BDB launch date in doubt as Grabiner move is delayed

British Digital Broadcasting yesterday confirmed that it had poached Stephen Grabiner, currently in charge of United News & Media's national and regional newspapers, to be its chief executive. But the digital broadcaster's planned autumn launch looked increasingly unattainable when United declared that Mr Grabiner would not be released from his existing job until January 1999. Peter Thal Larsen reports.

Last night, a fully-fledged tug of war had broken out between BDB and United News over Mr Grabiner's services. After BDB had confirmed the appointment, United News announced that Mr Grabiner would be staying on for a year to help revitalise the Express titles and the group's advertising periodicals. Lord Stevens, chairman of United News, said: "We are pleased that he will remain with us to see through the next phase in the investment programme at the Express."

However, Mr Grabiner, who has only been at United News for 18 months, was less emphatic. "I am contractually obliged to work out my 12-month contract," he said.

BDB would not comment, but industry sources said the broadcaster was confident that Mr Grabiner would be released from his contract early. This may involve BDB paying United News compensation in return for allowing him to go. However, no negotiations are currently taking place between the two companies.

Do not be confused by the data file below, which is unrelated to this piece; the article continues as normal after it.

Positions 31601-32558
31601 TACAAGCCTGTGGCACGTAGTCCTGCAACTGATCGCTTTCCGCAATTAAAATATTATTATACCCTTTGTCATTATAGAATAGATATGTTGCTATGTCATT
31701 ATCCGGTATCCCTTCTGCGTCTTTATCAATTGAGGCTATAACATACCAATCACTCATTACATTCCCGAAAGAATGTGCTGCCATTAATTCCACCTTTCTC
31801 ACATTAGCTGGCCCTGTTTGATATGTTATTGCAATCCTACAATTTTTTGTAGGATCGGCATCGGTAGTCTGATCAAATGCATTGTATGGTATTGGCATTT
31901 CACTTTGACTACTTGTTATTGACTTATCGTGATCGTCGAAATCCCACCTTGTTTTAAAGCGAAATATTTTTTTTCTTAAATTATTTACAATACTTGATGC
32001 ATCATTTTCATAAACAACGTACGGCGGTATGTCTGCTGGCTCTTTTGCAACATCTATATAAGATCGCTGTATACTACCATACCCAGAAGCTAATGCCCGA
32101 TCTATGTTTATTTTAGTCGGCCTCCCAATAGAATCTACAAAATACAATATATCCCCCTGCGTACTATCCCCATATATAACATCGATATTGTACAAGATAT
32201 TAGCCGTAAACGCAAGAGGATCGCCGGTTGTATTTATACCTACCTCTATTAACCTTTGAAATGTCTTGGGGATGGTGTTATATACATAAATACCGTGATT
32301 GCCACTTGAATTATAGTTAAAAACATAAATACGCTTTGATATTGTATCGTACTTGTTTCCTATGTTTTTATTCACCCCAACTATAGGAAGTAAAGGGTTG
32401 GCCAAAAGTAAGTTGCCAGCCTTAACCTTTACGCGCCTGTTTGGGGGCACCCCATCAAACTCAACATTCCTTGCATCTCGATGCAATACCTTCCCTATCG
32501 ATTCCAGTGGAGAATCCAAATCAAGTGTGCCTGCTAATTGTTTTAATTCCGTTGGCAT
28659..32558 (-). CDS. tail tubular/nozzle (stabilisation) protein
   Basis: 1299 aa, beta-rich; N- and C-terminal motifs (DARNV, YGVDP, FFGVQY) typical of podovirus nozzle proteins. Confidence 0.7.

The view that United News might be willing to let Mr Grabiner go early was reinforced when it promoted two employees to be managing director and deputy managing director of the Express. However, a United News spokesman said the appointments were unrelated to Mr Grabiner's departure.

Industry analysts said that a delay in Mr Grabiner's arrival at BDB would scupper any remaining hopes the broadcaster had of meeting its October launch target date. "I would say the obstacles they face are probably insurmountable," said one leading expert.

BDB already faces a huge challenge in ordering sufficient volumes of the set top boxes needed to decode the digital signal, and will have to retune some older television sets which face interference from the digital signal.

But Mr Grabiner's presence is seen as crucial to the success of the marketing campaign which will precede BDB's launch. Although he has no experience of television - his previous job was as managing director of the Telegraph newspaper titles - Mr Grabiner's flair for marketing is believed to have been a key factor in his appointment.

Missing its autumn launch would be a disaster for BDB, since it would not give the broadcaster a chance to build up its profile in time for the key Christmas selling period. That would give BSkyB, which is planning to launch its digital satellite service in June, a clear run at the market for new subscribers.

However, Mr Grabiner said that BDB had already achieved a great deal. "I'm surprised how far they have got on the infrastructure and technology," he said. "It's not as if I'll be starting from scratch.

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